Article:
The Ministry of National Defense (MND) yesterday said it would allow people to visit and see Apache helicopters at the nation’s military bases during open house days or through group applications after a Facebook petition by 270,000 netizens.
“The ministry has always allowed public visits to our military bases on open house days, and during these visits, we also showcase our weaponry,” ministry spokesman Major General David Lo (羅紹和) told a news conference yesterday afternoon.
“There will be a few camp visit events later this year, and we plan to showcase the Apache helicopters to those who might be interested,” he added.
Photo: Chien Jung-fong, Taipei Times
As for people who cannot make it on camp visit days, the ministry would allow visits organized by institutions and groups if they file applications for approval, he said.
However, the military bases would not accommodate individual requests, he said.
“If you are a commander of a military base, would you take individual visitors? Could you handle it if one visitor appears all of a sudden at 9am asking to visit, while another comes at 10am, or when one visitor arrives each minute?” Lo asked.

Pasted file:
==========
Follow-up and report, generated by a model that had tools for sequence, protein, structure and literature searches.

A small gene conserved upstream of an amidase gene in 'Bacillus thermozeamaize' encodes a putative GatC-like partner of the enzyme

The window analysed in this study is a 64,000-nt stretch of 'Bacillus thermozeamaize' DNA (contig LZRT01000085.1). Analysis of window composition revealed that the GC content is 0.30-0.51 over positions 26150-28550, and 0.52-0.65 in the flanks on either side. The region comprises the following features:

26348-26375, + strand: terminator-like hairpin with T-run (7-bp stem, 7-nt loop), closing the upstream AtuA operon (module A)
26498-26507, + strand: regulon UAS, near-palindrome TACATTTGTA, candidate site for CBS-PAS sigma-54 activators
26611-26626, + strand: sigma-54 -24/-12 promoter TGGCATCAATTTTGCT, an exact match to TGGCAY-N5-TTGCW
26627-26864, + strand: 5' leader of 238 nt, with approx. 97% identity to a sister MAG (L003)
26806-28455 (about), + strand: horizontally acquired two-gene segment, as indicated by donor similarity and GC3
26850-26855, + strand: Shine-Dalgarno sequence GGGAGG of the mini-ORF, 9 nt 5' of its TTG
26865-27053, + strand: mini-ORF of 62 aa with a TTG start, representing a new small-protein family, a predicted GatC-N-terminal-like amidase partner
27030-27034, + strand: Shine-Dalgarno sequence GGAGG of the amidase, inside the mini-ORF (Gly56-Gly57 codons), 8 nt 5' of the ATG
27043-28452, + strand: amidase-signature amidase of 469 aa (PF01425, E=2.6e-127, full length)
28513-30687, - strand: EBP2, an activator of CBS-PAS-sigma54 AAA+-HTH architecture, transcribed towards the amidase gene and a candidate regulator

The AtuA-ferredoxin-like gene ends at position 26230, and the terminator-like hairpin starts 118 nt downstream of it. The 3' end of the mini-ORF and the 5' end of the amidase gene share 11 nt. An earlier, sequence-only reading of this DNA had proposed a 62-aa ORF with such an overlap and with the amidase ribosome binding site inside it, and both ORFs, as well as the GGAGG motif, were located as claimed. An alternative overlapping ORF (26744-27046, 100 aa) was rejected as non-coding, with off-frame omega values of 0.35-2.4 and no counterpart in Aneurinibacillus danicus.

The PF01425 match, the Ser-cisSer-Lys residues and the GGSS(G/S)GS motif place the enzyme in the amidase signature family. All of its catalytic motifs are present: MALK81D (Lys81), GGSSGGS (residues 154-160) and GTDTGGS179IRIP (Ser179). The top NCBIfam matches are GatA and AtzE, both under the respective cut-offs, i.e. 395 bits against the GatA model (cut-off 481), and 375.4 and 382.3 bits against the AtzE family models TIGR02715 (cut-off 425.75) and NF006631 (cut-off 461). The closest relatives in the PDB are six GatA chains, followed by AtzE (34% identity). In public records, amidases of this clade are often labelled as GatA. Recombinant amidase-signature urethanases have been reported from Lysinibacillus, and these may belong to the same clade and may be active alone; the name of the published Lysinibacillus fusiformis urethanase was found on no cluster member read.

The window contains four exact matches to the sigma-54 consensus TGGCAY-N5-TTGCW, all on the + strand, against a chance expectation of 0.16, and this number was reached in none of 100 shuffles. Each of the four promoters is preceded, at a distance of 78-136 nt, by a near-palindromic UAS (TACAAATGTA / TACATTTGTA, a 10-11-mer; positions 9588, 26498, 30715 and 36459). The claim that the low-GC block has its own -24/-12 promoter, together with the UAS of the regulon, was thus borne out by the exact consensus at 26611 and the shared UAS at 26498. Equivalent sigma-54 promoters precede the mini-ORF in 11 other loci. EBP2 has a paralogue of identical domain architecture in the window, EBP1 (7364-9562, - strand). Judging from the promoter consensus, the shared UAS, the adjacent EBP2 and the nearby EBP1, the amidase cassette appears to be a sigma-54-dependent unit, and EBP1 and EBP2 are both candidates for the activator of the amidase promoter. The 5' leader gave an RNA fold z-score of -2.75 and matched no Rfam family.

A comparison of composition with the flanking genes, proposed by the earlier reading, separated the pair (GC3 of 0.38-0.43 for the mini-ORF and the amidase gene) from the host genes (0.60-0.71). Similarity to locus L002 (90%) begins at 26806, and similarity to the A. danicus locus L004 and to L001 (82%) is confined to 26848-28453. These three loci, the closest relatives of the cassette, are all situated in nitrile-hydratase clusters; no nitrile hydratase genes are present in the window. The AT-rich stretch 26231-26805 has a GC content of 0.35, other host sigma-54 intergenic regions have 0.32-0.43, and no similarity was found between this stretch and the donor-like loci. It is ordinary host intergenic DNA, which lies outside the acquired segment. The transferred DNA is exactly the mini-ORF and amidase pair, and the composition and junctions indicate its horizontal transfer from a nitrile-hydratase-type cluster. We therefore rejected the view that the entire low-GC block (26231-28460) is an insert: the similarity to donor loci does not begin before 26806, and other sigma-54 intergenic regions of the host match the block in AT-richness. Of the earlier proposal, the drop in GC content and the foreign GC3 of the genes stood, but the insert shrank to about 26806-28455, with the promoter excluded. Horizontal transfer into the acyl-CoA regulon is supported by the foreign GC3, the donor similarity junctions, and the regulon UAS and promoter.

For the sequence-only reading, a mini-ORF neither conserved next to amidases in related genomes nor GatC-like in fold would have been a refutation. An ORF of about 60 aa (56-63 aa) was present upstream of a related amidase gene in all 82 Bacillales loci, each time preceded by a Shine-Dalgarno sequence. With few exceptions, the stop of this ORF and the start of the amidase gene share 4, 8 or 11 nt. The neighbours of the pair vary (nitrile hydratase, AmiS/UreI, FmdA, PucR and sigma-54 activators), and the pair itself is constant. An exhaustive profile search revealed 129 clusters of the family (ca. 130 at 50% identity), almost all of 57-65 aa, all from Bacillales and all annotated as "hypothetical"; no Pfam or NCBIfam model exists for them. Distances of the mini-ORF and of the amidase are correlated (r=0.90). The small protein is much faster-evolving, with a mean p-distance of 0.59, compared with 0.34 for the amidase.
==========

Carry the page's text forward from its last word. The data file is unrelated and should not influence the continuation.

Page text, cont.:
“If that is the case, it would be impossible to train the troops,” he said.
Lo was responding to reporters’ questions about a Facebook petition to visit the Apache helicopters, with more than 270,000 people signing up.
The petition follows Taoyuan prosecutors’ decision last week not to press charges against 15 military officers and civilians, including celebrity Janet Lee (李蒨蓉), who were given an unauthorized tour of a military base in Longtan District (龍潭), Taoyuan, by 601st Air Cavalry Brigade Lieutenant Colonel Lao Nai-cheng (勞乃成).
Prosecutors quoted the ministry as saying that the base is not designated as a fortress and therefore is not a restricted area as stipulated in the Vital Area Regulations (要塞堡壘地帶法).
The Democratic Progressive Party (DPP) earlier yesterday called on the ministry to respond to the online petition, while panning the ministry over its “double standards” in defining “restricted areas.”
“It is unacceptable for the public that army corporal Hung Chung-chiu (洪仲丘), an ordinary citizen performing compulsory military service, received severe punishment leading to his death for carrying a cellphone into [a military] camp,” DPP spokesperson Huang Di-ying (黃帝穎) told a separate press conference.
“However, after high-ranking military officers gave tours on a military base and even allowed guests into the cockpit of an Apache helicopter, the ministry made an all-out effort to help them and even thanked the Taoyuan District Prosecutors’ Office for not indicting them,” he said.
“The difference in treatment between an ordinary citizen and a high-ranking officer by the ministry is intolerable and seriously harms the image of the military, Huang said.
He said the ministry should explain its definition of a “fortress” and “restricted areas.”
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